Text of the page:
Influenza vaccines are prepared using virus strains in line with the WHO recommendations
- some inactivated influenza vaccines are trivalent, containing two subtypes of influenza A and one B virus; however, quadrivalent vaccines that contain an additional B virus have now become routinely available (1)
All but one of the influenza vaccines available in the UK are inactivated and cannot cause clinical influenza in those that are vaccinated
- the live attenuated influenza vaccine (LAIV) 'Fluenz Tetra' contains live
viruses that have been attenuated (weakened) and adapted to cold so that they
can only replicate at the lower temperatures found in the nasal passage
- these live viruses cannot replicate efficiently elsewhere in the body
but may cause mild coryzal symptoms
- these live viruses cannot replicate efficiently elsewhere in the body but may cause mild coryzal symptoms
- the inactivated vaccines are administered by intramuscular injection
- LAIV is administered by nasal spray
- most of the vaccines are prepared from viruses grown in embryonated hens'
- if a new influenza A subtype were to emerge with epidemic or pandemic potential
(as occurred in 2009 with influenza A(H1N1)v), it is unlikely that the influenza
vaccine will be well matched to the emerging strain
- as occurred during the second wave of the 2009 pandemic, a monovalent
vaccine against that strain may be developed and implemented
- as occurred during the second wave of the 2009 pandemic, a monovalent vaccine against that strain may be developed and implemented
- after immunisation, protective immune responses may be achieved within 14 days
Vaccination is best undertaken between September and early November and immunity
can be expected to last for at least the duration of winter (1).
A systematic review concerning the efficacy of influenza vaccination concluded that (2):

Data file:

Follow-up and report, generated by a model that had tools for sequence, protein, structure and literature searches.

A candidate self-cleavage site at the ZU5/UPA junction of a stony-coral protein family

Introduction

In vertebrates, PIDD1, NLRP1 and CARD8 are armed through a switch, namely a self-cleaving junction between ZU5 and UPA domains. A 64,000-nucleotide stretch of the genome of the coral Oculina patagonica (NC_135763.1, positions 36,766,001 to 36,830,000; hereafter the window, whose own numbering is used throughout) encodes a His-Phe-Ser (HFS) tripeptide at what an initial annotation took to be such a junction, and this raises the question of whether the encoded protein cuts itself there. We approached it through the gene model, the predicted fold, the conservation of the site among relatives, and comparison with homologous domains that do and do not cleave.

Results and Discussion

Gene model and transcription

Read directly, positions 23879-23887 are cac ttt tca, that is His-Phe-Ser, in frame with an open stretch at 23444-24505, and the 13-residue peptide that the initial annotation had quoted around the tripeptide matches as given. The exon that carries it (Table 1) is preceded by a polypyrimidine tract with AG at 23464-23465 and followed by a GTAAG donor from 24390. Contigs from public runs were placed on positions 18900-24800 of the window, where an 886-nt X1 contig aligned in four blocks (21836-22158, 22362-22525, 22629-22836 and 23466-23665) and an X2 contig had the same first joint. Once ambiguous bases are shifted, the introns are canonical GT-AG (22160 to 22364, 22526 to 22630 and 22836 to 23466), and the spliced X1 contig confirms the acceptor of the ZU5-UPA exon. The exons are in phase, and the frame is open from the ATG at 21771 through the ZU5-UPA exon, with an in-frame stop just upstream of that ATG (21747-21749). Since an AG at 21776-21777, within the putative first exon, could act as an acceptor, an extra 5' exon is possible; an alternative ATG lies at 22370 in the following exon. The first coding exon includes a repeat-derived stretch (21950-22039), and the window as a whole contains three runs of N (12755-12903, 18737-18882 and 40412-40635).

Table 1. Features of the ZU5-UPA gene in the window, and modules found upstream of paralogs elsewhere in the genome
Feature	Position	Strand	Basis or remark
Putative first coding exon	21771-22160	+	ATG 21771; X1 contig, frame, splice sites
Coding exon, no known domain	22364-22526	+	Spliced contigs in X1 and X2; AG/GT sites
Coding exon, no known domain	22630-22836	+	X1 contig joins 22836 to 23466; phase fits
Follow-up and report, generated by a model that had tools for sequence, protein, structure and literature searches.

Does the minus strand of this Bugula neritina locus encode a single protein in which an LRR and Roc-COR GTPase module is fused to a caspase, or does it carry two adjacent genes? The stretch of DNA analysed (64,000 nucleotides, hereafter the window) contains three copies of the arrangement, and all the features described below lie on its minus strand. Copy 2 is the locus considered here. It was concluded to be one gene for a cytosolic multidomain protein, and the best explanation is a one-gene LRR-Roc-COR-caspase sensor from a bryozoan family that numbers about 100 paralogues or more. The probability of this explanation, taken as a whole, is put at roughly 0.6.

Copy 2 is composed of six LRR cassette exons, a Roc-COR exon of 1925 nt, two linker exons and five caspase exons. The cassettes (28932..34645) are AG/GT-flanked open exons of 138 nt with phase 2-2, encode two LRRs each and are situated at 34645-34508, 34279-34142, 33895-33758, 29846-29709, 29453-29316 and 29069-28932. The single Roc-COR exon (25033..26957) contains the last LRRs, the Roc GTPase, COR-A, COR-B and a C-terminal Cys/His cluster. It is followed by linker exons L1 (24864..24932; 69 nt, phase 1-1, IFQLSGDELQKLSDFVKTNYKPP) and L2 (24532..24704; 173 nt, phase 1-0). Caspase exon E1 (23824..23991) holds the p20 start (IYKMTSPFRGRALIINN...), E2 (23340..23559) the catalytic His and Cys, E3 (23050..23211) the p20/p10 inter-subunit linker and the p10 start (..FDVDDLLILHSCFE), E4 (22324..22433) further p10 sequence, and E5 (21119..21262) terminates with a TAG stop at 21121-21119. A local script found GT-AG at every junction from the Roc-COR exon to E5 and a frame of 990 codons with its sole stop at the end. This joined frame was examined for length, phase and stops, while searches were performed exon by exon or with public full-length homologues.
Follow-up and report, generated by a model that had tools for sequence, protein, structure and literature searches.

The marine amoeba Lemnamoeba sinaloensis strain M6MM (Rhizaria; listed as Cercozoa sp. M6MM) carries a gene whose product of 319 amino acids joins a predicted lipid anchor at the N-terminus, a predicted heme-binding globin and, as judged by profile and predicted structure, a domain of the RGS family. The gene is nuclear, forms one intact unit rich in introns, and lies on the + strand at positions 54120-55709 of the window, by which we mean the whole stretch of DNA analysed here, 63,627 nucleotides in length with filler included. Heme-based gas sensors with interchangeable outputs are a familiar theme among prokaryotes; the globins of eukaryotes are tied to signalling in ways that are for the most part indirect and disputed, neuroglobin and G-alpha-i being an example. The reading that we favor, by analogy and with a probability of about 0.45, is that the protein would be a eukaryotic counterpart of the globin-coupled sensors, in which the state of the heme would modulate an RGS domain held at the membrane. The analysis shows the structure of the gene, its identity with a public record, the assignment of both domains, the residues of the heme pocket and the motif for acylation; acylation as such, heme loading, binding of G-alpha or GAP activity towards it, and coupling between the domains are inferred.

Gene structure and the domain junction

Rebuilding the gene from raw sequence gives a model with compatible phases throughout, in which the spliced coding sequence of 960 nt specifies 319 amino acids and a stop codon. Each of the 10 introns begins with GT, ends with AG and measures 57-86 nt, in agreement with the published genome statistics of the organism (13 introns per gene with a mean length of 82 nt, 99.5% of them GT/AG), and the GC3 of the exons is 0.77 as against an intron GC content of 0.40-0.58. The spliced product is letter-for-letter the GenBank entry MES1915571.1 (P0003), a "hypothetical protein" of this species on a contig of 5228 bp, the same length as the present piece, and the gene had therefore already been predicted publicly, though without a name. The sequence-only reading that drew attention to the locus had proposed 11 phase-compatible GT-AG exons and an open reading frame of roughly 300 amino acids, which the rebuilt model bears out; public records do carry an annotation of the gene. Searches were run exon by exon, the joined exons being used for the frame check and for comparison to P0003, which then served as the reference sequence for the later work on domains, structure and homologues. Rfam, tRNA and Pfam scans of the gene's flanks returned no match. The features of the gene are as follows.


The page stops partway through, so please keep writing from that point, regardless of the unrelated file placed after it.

- influenza vaccines are effective in reducing serologically confirmed cases of influenza
- influenza vaccines are not as effective in reducing cases of clinical influenza and number of working days lost
- universal immunisation of healthy adults is not supported by the results of this review
A systematic review concerning the efficacy of influenza vaccination in patients with chronic obstructive pulmonary disease (COPD) concluded that (3):
- inactivated vaccine reduces exacerbations in COPD patients
- there was a reduction in exacerbations occurring three or more weeks after vaccination
- there was a mild increase in transient local adverse effects with vaccination, but no evidence of an increase in early exacerbations
With specific reference to use of the influenza vaccine in healthy children (4):
- in healthy children > 2 years of age, both live attenuated vaccines and inactivated vaccines prevent influenza and influenza-like illness
Check uptodate details in the The Green Book before prescribing/administering an influenza vaccination.
Check the Summary of Product Characteristics (SPC) of the influenza vaccination before prescribing/administering an influenza vaccine.
- the live attenuated influenza vaccine (Fluenz) should not be given to children or adolescents who are clinically severely immunodeficient due to conditions or immunosuppressive therapy (1)
- (1) Immunisation Against Infectious Disease - "The Green Book". Chapter 19. Influenza (April 2019)
- (2) Demicheli V et al. Vaccines for preventing influenza in healthy adults. Cochrane Database Syst Rev 2004;(3):CD001269.
- (3) Poole PJ et al. Influenza vaccine for patients with chronic obstructive pulmonary disease. Cochrane Database Syst Rev 2006;(1):CD002733
- (4) Smith S et al. Vaccines for preventing influenza in healthy children. Cochrane Database Syst Rev 2006;(1):CD004879.
Last edited 04/2019